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US groups call for action on livestock antibiotics

By Carina Perkins , 28-Feb-2013

Related topics: Industry & Markets, Beef, EU, Thailand

A coalition of US health, food and environmental groups has written to US senators calling for urgent action to improve reporting of antibiotic use in livestock.

US groups want better reporting on antibiotics in feed

US groups want better reporting on antibiotics in feed

The coalition letter, signed by 35 groups that represent more than a million supporters, wrote to the Senate Committee on Health, Education, Labor and Pensions, which is currently considering whether to reauthorise the Animal Drug User Fee Act (ADUFA).

The ADUFA enables the US Food and Drug Administration to collect fees from the animal health industry, helping it dramatically reduce its review time for the approval of new animal drugs. However, the coalition said the law should only be reauthorised if it included new provisions to improve the FDA’s ability to track and report the use of antibiotics in livestock.

Describing antibiotic resistance as an “expensive and critical public threat”, the letter said: “As the CDC and others note, strong science – more than 147 studies to date – links antibiotic use in animals to antibiotic resistance and risks to human health. Leading medical, public health, and scientific organisations have called for an end to the unnecessary use of antibiotics in animals that are not sick – a key contributor to the rising tide of antibiotic resistance – and for better tracking and reporting of data on antibiotic sales and use.

“The Food and Drug Administration’s (FDA’s) response to the threat has been to propose recommendations (Guidance for Industry #213) that encourage industry to voluntarily phase out the marketing of antibiotics to speed up animal growth and to also voluntarily phase out over-the-counter marketing of antibiotics. This guidance does not require action and has no mechanism to track the adoption of these recommendations or to evaluate their effects on antibiotic use and resistance, nor does it address the routine feeding of antibiotics to food animals to keep them from getting sick in overcrowded, unsanitary and high-stress conditions.”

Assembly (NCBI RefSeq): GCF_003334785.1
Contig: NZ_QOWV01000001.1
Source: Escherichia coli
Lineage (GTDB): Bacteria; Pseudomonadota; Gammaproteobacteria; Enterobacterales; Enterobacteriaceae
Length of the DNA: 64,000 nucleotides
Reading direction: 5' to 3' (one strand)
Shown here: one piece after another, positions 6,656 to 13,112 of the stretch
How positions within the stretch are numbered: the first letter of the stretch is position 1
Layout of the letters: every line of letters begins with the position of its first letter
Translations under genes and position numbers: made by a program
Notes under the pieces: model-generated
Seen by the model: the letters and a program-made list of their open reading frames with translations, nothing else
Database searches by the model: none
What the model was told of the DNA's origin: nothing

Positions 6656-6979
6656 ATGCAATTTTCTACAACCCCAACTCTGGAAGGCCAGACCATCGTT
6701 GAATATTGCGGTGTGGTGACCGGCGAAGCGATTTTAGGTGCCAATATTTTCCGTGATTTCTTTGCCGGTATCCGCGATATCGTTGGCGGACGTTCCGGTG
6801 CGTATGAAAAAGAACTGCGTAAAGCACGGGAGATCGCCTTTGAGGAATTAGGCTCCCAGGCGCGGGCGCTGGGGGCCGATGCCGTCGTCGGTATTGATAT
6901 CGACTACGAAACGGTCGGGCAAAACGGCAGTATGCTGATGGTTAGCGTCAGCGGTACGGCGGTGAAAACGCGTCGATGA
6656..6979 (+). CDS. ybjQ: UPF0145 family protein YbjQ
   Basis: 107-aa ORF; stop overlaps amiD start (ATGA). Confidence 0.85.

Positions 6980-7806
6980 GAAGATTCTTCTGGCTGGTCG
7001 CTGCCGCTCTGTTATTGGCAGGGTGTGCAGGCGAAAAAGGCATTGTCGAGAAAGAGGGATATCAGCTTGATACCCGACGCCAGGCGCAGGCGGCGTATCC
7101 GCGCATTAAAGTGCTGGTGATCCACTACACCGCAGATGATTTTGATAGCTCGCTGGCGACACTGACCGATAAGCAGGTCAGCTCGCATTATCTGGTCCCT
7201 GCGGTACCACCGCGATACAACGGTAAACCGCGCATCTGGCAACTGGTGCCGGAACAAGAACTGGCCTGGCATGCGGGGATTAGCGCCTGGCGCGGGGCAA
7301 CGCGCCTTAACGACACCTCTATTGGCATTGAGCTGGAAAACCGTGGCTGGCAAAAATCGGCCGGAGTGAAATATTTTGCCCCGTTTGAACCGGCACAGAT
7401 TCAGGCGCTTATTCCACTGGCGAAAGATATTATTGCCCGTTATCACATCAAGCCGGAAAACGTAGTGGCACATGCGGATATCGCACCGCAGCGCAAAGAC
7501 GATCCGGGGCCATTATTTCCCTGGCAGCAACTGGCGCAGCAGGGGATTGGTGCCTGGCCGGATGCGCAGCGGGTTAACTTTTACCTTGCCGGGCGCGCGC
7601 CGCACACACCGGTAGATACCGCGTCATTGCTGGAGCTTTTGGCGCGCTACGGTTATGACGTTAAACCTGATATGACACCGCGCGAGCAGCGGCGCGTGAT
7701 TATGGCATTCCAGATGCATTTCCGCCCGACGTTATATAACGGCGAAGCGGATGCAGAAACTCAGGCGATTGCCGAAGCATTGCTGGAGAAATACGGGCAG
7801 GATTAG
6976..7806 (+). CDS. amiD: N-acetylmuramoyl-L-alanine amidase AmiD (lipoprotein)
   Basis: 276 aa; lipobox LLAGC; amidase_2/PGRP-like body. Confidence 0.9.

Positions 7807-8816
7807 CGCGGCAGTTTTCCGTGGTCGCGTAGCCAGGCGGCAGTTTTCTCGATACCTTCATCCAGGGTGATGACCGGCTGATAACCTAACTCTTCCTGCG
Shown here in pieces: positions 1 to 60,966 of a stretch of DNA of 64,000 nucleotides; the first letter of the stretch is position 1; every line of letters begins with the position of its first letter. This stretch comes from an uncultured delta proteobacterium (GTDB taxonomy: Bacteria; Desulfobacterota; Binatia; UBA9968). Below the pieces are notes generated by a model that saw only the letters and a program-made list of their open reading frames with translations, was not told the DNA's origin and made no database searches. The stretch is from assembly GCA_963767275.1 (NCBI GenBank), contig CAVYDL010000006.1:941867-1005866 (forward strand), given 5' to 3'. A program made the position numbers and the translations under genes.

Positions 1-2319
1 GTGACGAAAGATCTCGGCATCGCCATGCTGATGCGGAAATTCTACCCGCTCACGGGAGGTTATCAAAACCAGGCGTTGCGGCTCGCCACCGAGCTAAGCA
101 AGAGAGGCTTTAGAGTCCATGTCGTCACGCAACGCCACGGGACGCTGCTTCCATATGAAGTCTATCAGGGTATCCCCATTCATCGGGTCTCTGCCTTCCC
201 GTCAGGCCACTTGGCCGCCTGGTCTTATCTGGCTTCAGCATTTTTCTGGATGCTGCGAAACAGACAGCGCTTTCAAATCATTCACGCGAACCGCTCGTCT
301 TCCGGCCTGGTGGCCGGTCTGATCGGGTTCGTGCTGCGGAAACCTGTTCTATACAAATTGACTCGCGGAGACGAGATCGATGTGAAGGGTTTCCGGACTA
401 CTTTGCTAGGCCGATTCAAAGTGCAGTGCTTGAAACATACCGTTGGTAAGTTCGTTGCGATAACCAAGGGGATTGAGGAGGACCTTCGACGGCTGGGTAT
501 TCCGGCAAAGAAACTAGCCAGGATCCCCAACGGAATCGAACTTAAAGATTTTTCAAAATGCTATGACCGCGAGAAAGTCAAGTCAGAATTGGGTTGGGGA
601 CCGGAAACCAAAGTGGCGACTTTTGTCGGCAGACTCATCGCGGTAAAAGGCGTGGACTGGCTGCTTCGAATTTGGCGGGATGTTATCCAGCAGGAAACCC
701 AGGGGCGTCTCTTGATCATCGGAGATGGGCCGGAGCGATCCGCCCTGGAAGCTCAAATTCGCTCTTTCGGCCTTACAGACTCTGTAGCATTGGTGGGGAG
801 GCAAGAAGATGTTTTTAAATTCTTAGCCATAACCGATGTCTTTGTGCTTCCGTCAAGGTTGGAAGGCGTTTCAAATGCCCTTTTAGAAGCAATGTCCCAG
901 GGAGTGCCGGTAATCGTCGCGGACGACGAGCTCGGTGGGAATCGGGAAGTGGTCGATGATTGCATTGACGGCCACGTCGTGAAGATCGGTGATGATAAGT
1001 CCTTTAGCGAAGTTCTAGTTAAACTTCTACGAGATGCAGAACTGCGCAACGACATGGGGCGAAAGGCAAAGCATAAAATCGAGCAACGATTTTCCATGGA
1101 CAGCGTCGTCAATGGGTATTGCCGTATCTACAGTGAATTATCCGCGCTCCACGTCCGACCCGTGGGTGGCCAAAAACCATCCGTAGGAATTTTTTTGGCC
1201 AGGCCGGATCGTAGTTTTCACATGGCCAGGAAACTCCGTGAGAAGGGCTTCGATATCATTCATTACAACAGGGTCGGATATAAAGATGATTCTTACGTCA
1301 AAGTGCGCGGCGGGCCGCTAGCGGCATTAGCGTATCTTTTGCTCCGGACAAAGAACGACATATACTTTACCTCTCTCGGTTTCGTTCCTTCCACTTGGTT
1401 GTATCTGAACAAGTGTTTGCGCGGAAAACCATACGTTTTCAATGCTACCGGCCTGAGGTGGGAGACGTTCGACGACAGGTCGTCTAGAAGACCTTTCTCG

The coalition pointed out that, in 2008, Congress introduced a requirement for drug manufacturers to report antimicrobial sales to the FDA and directed the FDA to release a summary of this data to the public. It urged the Committee to further improve the system by requiring feed manufacturers to report antibiotic sales in medicated feed to the FDA, and direct the FDA to publish public summaries of this data.

It added that the information should be broken down by species and indicate the purpose of the use, for example whether it was for growth promotion, disease control or treatment.

The letter also called on the Committee to require the FSA to put forward a plan for tracking and reporting industry response to its draft guidance on antibiotic use in food-producing animals, which asks drug manufacturers to voluntarily phase out sales of antibiotics for growth promotion and over-the-counter sales of antibiotics.

A blog from the Institute for Agriculture and Trade Policy – one of the groups in the coalition – claimed that data on how much of the 30 million pounds of antibiotics used in food animals each year was being sold for use in animal feed was “critical for targeting efforts to reduce the overuse of critical human medicines for what are unnecessary uses of convenience, like growth promotion, in animals”.

It added that the Senate would have a hearing on the ADUFA later this week, with two industry representatives and a veterinarian giving evidence. “Hopefully, the lack of a public health voice won’t also be reflected in the content of the bill,” it said.

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